February 24, 2018

Singularity Skepticism 4: The Value of Avoiding Errors

[This is the fourth in a series of posts. The other posts in the series are here: 1 2 3.]

In the previous post, we did a deep dive into chess ratings, as an example of a system to measure a certain type of intelligence. One of the takeaways was that the process of numerically measuring intelligence, in order to support claims such as “intelligence is increasing exponentially”, is fraught with complexity.

Today I want to wrap up the discussion of quantifying AI intelligence by turning to a broad class of AI systems whose performance is measured as an error rate, that is, the percentage of examples from population for which the system gives a wrong answer. These applications include  facial recognition, image recognition, and so on.

For these sorts of problems, the error rate tends to change over time as shown on this graph:

The human error rate doesn’t change, but the error rate for the AI system tends to fall exponentially, crossing the human error rate at a time we’ll call t*, and continuing to fall after that.

How does this reduction in error rate translate into outcomes? We can get a feel for this using a simple model, where a wrong answer is worth W and a right answer is worth R, with R>W, naturally.

In this model, the value created per decision changes over time as shown in this graph:

Before t*, humans perform better, and the value is unchanged. At t*, AI becomes better and the graph takes a sharp turn upward. After that, the growth slows as the value approaches its asymptote of R.

This graph has several interesting attributes. First, AI doesn’t help at all until t*, when it catches up with people. Second, the growth rate of value (i.e., the slope of the curve) is zero while humans are better, then it lurches upward at t*, then the growth rate falls exponentially back to zero. And third, most of the improvement that AI can provide will be realized in a fairly short period after t*.

Viewed over a long time-frame, this graph looks a lot like a step function: the effect of AI is a sudden step up in the value created for this task. The step happens in a brief interval after AI passes human performance. Before and after that interval, the value doesn’t change much at all.

Of course, this simple model can’t be the whole story. Perhaps a better solution to this task enables other tasks to be done more effectively, multiplying the improvement. Perhaps people consume more of this tasks’s output because it is better. For these and other reasons, things will probably be somewhat better than this model predicts. But the model is still a long way from establishing that any kind of intelligence explosion or Singularity is going to happen.

Next time, we’ll dive into the question of how different AI tasks are connected, and how to think about the Singularity in a world where task-specific AI is all we have.

Singularity Skepticism 3: How to Measure AI Performance

[This is the third post in a series. The other posts are here: 1 2 4]

On Thursday I wrote about progress in computer chess, and how a graph of Elo rating (which I called the natural measure of playing skill) versus time showed remarkably consistent linear improvement over several decades. I used this to argue that sometimes exponential improvements in the inputs to AI systems (computer speed and algorithms) lead to less-than-exponential improvement in AI performance.

Readers had various objections to this. Some said that linear improvements in Elo rating should really be seen as exponential improvements in quality; and some said that the arrival of the new AI program AlphaZero (which did not appear in my graph and was not discussed in my post) is a game-changer that invalidates my argument.  I’ll address those objections in this post.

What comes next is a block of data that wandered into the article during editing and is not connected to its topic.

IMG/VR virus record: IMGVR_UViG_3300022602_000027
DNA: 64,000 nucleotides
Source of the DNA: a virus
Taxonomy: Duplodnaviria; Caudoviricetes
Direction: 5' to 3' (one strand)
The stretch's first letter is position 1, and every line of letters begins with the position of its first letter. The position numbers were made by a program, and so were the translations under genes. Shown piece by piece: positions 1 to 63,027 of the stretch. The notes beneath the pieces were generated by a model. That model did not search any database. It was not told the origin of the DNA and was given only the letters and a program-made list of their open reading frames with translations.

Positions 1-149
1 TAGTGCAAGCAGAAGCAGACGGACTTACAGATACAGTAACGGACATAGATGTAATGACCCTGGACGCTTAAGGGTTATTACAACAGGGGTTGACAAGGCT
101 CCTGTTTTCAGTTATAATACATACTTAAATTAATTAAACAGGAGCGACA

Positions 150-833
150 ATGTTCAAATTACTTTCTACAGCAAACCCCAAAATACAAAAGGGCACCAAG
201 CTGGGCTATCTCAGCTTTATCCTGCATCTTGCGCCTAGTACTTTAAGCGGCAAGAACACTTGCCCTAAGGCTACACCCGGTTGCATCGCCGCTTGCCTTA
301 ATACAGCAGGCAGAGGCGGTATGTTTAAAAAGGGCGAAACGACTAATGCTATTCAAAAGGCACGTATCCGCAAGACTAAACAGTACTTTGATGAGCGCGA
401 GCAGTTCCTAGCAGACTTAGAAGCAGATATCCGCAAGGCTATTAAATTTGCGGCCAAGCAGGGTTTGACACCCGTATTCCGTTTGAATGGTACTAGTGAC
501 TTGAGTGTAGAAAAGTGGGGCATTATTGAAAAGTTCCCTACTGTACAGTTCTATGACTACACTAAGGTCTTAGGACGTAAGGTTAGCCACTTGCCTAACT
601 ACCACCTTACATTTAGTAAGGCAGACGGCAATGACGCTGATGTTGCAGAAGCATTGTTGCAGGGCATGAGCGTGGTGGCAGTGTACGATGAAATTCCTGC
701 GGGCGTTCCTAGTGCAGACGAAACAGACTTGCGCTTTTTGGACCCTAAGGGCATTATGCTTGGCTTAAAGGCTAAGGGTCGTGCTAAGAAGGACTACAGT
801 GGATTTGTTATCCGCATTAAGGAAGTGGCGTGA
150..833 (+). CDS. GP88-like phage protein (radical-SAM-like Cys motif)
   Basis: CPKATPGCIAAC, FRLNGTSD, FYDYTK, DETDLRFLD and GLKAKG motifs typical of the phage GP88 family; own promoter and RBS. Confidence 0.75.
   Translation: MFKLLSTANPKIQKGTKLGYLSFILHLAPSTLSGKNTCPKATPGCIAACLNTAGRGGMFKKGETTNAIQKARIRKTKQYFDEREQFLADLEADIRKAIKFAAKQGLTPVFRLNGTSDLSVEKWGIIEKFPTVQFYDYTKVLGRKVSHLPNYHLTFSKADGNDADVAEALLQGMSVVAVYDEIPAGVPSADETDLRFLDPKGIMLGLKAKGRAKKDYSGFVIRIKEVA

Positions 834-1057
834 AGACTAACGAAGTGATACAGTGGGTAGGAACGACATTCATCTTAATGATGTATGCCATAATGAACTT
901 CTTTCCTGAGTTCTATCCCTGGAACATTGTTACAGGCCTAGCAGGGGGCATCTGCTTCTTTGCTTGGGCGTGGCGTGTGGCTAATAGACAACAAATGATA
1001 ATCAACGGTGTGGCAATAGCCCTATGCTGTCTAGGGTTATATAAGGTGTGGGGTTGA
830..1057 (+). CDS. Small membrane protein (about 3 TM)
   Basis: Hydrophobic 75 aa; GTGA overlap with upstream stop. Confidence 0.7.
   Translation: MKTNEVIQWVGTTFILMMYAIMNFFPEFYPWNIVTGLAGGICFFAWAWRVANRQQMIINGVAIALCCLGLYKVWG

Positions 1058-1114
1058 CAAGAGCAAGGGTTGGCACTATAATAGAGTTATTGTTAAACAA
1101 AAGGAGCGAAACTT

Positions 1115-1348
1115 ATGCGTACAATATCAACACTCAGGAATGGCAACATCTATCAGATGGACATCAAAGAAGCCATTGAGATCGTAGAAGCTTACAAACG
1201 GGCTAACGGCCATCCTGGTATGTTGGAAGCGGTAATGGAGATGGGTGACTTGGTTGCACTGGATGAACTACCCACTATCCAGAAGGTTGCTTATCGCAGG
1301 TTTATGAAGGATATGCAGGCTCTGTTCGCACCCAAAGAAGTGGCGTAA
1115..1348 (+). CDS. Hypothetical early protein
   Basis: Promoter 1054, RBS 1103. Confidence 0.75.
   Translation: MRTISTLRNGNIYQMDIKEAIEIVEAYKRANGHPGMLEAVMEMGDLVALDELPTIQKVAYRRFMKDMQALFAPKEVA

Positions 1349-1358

First, let’s talk about how we measure AI performance. For chess, I used Elo rating, which is defined so that if Player A has a rating 100 points higher than Player B, we should expect A to collect 64% of the points when playing B. (Winning a game is one point, a drawn game is half a point for each player, and losing gets you zero points.)

There is an alternative rating system, which I’ll call ExpElo, which turns out to be equivalent to Elo in its predictions.  Your ExpElo rating is determined by exponentiating your Elo rating. Where Elo uses the difference of two player’s ratings to predict win percentage, ExpElo uses a ratio of the ratings. Both Elo and ExpElo are equally compelling from an abstract mathematical standpoint, and they are entirely equivalent in their predictions.  But where a graph of improvement in Elo is linear, a graph of improvement in ExpElo would be exponential. So is the growth in chess performance linear or exponential?

Before addressing that question, let’s stop to consider that this situation is not unique to chess. Any linearly growing metric can be rescaled (by exponentiating the metric) to get a new metric that grows exponentially. And any exponentially growing metric can be rescaled (by taking the logarithm) to get a new metric that grows linearly.  So for any quantity that is improving, we will always be able to choose between a metric that grows linearly and one that grows exponentially.

The key question for thinking about AI is: which metric is the most natural measure of what we mean by intelligence on this particular task? For chess, I argue that this is Elo (and not ExpElo).  Long before this AI debate, Arpad Elo proposed the Elo system and that was the one adopted by chess officials.  The U.S. Chess Federation divides players into skill classes (master, expert, A, B, C, and so on) that are evenly spaced, 200 Elo points wide. For classifying human chess performance, Elo was chosen. So why should we switch to a different metric for thinking about AI?

Now here’s the plot twist: the growth in computer chess rating, whether Elo or ExpElo, is likely to level off soon, because the best computers seem to be approaching perfect play, and you can’t get better than perfect.

In every chess position, there is some move (or moves) that is optimal, in the sense of leading to the best possible game outcome.  For an extremely strong player, we might ask what that player’s error rate is: in high-level play, for what fraction of the positions it encounters will it make a non-optimal move?